If you were to think of a crisis as a meteorological event, it might start small, like a few raindrops that eventually transform into a steady, drenching downpour. At other times, it arrives full bore—a tempest capable of leveling everything in its path.
All of which is to say: The crisis may be coming, whether you are prepared or not.
The difference between a crisis that is played out in the media and a bout of bad press is the degree and intensity of public reaction. If you get out ahead of the storm, you might only have a small case of the bad press. If you fail to properly assess the power the burgeoning crisis, you could find yourself facing a public that only has anger, outrage, and an enduring contempt for you or your organization.
Preparation helps to limit some of the damage. But, how do you adequately prepare?
You start by thinking of everything that could go wrong.
We’ve thought of 50 such scenarios, from real-life weather disasters to product recalls and executive wrongdoing. You are not limited to these, of course (sadly), but they are a start. Use this as a guide for the ones your organization most likely will face. At the end of the post, we offer some tips on how to plan for your crisis response.
Let’s get started. With a nod to Paul Simon, here are…
50 Ways to Have a Crisis:
The last exercise you or your team might want to do is think of scenarios where things go wrong. Perhaps you think you, your organization, or your company is immune to such a risk. Perhaps Oxfam, Nissan, and H&M all thought the same thing.
Political scandal, corruption, and other malfeasance have been around long before the 21st century.The press, meanwhile, was right there to cover it. However, today’s social media platforms can quickly cause a crisis to spread much quicker than ever before. A crisis communications plan gives you the tools to slow the spread and provide the needed information to shape the narrative being played out through both traditional and social media.
The best way to assess risk is to start by listing several crises that are most likely to occur. The ones that are most likely to inflict damage to your financials, reputation, or ability to continue to do business should be at the top of the list.
We’ll start you off with a few:
- A grocery store chain prepares for the discovery of unsanitary conditions, which threaten the health of customers at one of its stores.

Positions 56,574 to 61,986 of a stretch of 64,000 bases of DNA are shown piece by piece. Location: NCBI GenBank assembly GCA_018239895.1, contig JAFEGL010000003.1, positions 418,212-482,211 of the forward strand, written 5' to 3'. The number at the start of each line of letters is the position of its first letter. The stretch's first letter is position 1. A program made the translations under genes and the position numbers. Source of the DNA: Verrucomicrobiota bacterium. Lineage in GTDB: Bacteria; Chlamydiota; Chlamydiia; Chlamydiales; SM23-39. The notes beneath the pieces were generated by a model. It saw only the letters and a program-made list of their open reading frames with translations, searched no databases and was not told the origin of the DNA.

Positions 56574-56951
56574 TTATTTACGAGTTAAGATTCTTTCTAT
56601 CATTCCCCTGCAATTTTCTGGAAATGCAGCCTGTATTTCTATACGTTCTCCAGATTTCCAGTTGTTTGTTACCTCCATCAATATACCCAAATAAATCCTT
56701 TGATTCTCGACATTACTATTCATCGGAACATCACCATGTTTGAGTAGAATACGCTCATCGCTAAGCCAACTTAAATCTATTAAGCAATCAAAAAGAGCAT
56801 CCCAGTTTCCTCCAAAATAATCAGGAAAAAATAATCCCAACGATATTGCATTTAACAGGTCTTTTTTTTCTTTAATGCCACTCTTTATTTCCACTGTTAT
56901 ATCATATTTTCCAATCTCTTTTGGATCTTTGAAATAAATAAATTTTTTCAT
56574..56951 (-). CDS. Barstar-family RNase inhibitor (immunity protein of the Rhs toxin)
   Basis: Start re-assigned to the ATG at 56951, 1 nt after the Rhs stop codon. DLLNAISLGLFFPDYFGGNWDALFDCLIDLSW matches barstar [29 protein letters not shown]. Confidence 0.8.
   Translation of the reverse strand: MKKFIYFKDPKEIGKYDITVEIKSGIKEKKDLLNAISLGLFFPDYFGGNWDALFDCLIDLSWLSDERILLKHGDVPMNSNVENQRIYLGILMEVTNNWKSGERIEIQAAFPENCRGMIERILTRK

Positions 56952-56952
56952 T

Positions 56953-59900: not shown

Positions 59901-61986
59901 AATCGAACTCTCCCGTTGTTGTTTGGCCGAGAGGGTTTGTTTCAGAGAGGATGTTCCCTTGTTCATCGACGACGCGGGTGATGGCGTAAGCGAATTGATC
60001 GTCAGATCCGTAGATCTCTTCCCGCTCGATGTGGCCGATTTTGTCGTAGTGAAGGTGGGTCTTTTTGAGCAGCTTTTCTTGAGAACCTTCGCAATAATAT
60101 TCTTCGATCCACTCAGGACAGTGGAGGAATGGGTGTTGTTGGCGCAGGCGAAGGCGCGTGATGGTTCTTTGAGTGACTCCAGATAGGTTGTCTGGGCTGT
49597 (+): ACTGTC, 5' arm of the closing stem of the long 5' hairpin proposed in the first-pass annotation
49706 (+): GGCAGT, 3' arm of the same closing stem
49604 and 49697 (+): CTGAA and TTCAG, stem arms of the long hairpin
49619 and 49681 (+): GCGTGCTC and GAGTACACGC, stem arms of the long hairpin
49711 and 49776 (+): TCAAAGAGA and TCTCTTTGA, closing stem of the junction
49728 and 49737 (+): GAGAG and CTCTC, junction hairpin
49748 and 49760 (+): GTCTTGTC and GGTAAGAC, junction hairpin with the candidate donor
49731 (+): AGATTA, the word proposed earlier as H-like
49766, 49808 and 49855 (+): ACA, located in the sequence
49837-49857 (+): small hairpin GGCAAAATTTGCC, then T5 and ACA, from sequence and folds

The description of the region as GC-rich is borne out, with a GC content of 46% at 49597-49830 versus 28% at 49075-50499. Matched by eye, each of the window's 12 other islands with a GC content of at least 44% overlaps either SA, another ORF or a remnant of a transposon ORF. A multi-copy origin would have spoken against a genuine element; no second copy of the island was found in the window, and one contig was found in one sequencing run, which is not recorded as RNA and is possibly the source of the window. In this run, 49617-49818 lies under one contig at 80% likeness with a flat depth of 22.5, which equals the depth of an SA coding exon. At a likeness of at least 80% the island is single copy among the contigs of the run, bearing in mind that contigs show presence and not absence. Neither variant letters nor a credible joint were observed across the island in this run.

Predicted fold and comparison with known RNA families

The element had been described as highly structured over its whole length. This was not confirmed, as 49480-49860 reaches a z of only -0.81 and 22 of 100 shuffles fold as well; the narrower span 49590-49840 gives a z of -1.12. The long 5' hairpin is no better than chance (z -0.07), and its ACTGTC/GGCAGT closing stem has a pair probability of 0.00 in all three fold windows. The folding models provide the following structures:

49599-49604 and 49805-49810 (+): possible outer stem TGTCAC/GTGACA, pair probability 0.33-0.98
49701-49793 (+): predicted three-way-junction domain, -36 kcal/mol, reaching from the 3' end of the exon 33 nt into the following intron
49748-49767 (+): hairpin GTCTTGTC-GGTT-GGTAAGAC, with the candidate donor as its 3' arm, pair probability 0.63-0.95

- A manufacturing company anticipates how to address the revelation that one of its products contains defective parts that have led to customer deaths.
- A school district practices its response to the disappearance of a student from school grounds.
Making your plan
There are several excellent sources that can help you to better understand the fine points of crisis communications. They include Jane Jordan-Meier’s The Four Stages of Highly Effective Crisis Management, crisis communication professional Melissa Agnes’ Crisis Ready: Building an Invincible Brand, Eric Dezenhall and John Weber’s Damage Control: The Essential Lessons of Crisis Management, and W. Timothy Coombs and Sherry J. Holladay’s The Handbook of Crisis Communication.
Reading up on the literature is one way to ensure you effectively dot the i’s and cross the t’s in your plan, but we also have a few tips and strategies that work for addressing most crises.
One overarching bit of advice, however, is this:
Don’t lose sight of the victims—ever. You will be judged by the public, as well as the family and friends of any victims, by your words, your actions, and the authenticity and concern you brought to both.
Form and prepare your crisis team
Spokespersons, CEOs, other top executives, and subject matter experts should be well-versed on their expected role and responsibilities when chaos hits. But, don’t overlook the rest of the employees. We mean every single person who represents your company and interacts with the public. Do they know what they are supposed to say when the reporters come knocking?
Also, do employees know what is expected of them when it comes to discussing or providing information about the crisis on social media platforms?
In time of crisis, reporters will have no qualms tracking down all channels of communication to get the news—employee social media feeds, on-site vendors, security guards, or receptionists.
Monitor your channels
If you have been effective in monitoring your social media channels and engaging with your audience, you will have a sense of their values, needs, and how they view your product or service. That knowledge will help you and your team decide when to begin responding to the crisis (the message, etc.), the best person (or people) to respond, and which channels you must use to issue your response.
Schedule drills that test the scenarios you have developed. Then, evaluate the response. The more you do them, the better prepared your team and the employees will be.
This article originally appeared on the Throughline blog; reprinted with permission.